At the center of Sandra Erbacher’s exhibition is an unsettling discovery found in an unlikely place. While flipping through the book Office Furniture from 1984 on adjustable desks and modular furniture, she found an image of men and women seated around a swastika-shaped desk. Erbacher, who was born and raised in Germany, was so disturbed and intrigued by the image that she did archival research to try to find its original use in product catalogues of the manufacturer, Krueger Wisconsin. Unable to find it or learn the designer’s intentions, the image is a dystopian marriage of workplace productivity linked to the most horrific consequences of bureaucratic efficiency. The powerful image became the inspiration for and centerpiece of Erbacher’s faux corporate lobby now on view at GRIN. The lobby, which Erbacher describes as belonging to a fictional company specializing in “knowledge work,” is not an immersive facsimile. Instead, it relies on the power of suggestion with discrete, individual works that employ universally generic markers of corporate drudgery – the water cooler, photocopier, carpet squares, bland waiting room chairs flanked by indoor plants, and a gold-lettered, aspirational mission statement.
Each minimal work here is a product of Erbacher’s historical research into office space and its link to bureaucratic power. Erbacher draws from sources as varied as Herman Miller office furniture catalogues, to George Orwell’s 1984, to the writings of social theorist Max Weber, who thought professional specialization turned workers into alienated cogs and wrote the phrase borrowed for the exhibition’s title, That the World Should Know No Men but These. Erbacher’s touch is generally light, often relying on putting appropriated images, diagrams, and text together to form slightly altered combinations. The stock photo of people at the swastika-shaped desk is enlarged and hung against squares of yellow and brown carpet tiles to become ComSystem (2017). Her chairs are perfectly nondescript and like functional readymades meant for sitting like an exhibition bench. If this is the knowledge economy, it is not the flashy lobby of a tech startup, and it is more indicative of Erbacher’s interest in where we have been as she studies the history of office design, its relationship to corporate aspirations, and its actual impact on worker liberation (or lack thereof). This is summed up in one of the found diagrams push-pinned to the wall of an office layout with lines showing what I presume are possibilities for worker interaction, which Erbacher succinctly captions “Circulation of Optimism vs. Established Patterns of Control.”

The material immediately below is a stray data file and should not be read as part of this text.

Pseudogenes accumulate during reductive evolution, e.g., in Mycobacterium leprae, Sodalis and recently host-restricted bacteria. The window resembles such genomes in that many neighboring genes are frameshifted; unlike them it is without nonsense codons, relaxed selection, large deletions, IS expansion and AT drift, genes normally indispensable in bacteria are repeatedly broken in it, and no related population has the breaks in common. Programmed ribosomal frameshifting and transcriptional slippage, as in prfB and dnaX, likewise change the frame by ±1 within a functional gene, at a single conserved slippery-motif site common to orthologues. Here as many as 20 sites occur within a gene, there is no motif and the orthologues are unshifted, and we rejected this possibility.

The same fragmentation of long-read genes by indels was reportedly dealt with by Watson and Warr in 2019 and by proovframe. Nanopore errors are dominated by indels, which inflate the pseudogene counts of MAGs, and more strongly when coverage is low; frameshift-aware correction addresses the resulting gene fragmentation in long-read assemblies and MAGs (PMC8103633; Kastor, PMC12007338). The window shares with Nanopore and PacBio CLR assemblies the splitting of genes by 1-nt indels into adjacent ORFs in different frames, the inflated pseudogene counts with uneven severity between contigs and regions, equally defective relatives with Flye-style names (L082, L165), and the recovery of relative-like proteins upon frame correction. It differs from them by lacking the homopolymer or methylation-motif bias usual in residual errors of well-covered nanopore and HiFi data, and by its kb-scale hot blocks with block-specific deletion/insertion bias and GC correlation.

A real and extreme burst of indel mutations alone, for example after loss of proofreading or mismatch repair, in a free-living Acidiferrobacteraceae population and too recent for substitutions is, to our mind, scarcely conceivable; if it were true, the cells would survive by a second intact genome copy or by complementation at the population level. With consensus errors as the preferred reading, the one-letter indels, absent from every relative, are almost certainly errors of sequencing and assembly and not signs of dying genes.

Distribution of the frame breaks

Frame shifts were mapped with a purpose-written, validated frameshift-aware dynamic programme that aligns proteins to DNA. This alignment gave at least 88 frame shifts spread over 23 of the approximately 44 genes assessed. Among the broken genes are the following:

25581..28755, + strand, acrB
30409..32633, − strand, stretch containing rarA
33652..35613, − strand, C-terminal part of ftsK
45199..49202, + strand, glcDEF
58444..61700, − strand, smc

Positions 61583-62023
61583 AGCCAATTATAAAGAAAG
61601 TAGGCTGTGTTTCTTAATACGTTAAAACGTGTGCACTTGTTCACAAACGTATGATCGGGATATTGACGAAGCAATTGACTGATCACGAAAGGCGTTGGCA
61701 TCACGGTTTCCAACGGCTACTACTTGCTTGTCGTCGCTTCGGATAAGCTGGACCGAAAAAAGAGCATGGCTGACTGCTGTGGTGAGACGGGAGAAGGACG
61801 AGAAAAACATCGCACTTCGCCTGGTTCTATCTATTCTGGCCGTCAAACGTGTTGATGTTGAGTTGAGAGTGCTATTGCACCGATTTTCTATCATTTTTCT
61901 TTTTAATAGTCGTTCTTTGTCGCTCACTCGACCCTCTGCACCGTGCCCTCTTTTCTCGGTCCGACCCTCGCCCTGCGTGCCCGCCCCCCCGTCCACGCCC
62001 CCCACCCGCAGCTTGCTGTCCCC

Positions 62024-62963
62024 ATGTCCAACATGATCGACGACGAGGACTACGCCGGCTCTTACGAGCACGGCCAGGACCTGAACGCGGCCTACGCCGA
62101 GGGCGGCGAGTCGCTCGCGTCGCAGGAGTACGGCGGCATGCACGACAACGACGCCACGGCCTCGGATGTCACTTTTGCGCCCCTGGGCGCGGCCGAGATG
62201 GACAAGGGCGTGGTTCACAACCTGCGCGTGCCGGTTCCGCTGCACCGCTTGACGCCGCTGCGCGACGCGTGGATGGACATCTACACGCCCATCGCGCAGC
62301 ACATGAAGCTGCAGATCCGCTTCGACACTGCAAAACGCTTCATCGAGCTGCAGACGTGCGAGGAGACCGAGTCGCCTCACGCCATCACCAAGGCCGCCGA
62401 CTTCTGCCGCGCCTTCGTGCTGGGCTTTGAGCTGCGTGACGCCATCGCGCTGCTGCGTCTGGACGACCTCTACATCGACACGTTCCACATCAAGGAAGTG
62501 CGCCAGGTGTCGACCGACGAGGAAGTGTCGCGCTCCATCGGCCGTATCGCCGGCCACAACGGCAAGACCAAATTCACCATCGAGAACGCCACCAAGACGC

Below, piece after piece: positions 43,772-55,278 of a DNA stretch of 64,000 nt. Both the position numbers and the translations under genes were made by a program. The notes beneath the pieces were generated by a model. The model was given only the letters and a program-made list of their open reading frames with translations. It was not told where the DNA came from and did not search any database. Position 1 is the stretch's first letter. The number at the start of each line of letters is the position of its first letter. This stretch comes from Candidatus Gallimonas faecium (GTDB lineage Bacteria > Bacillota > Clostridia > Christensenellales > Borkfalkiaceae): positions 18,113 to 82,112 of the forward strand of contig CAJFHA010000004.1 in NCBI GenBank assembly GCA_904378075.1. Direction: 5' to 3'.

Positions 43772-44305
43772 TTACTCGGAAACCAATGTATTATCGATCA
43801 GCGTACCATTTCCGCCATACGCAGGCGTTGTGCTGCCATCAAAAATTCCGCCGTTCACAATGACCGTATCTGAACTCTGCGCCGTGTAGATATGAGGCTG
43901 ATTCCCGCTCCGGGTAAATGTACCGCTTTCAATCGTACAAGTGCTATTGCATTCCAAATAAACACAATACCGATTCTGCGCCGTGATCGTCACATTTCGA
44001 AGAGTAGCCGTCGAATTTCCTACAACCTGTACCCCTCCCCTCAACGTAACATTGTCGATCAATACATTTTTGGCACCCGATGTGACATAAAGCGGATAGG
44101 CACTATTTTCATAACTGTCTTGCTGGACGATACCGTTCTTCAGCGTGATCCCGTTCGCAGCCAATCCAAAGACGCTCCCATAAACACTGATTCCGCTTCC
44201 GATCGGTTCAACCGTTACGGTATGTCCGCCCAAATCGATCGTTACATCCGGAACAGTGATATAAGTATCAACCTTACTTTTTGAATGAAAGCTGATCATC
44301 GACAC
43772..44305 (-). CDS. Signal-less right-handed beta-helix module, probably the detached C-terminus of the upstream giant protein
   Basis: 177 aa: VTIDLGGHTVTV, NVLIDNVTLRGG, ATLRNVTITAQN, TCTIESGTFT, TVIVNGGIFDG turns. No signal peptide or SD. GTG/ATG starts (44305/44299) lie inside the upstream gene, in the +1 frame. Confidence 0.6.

Text is also a major component of a large wall piece that sits opposite the waiting room chairs. The Adaptive Enterprise is a jargon-filled sentence that Erbacher found and lasercut out of acrylic, gold lettering. It proclaims that the “adaptive” company seeks out volatility, complexity, uncertainty, disruptive technologies, and “relishes the management of paradox and ambiguity.” This is the exact opposite of the tenants of bureaucratic predictability and seamless scalability that allow McDonald’s to give you the same burger no matter where you are in the world or Amazon to deliver your package in two days. It is a new ethos written in authoritative, passé lettering, and the gesture is indicative of Erbacher’s skepticism toward our assumption of the progressive trajectory of workplace evolution. Today’s trend of having an open-plan office does not necessarily solve any of the problems of workplace noise and lack of privacy that the notorious cubicle was invented in the 1960s to potentially alleviate. In an interview with Amanda Schmitt, Erbacher expands on these ideas and explains how she does not buy into the idea that individual empowerment will follow as the contemporary office space changes with the increase in freelance workers.
A cynical and humorous view of this historical march “forward” is further expressed by Erbacher’s riff on the ubiquitous office lobby sculpture. Carved out of Styrofoam and coated in hydrocal, ghostly white water bottles form a stacked tower resting on a cheesy, faux-granite laminate plinth. A formal nod to Brancusi’s Endless Column, the lofty and ridiculous title - The Utopian Structure for the Cultivation of Social Connectivity – makes fun of modernist ambitions to change social life through aesthetics and the failure of many such designs to erase workplace anomie. Aside from the carving of these water bottles where we can see Erbacher’s hand and the stains on the waiting room chairs, there is no sign of much life in this office lobby. A reproduction of an image of a photocopier mounted to a gatorboard placard risks being a little gimmicky, but makes clear that Erbacher is most interested in our idea of the perfect office and the aspirational language used to market it. In the found photograph that prompted her investigation of workers huddled around a totalitarian symbol, grand ambitions for employee agency are laid bare as just another mechanism for social control, and like Erbacher’s office lobby, left feeling empty.
That The World Should Know No Men But These is on view at GRIN through November 11.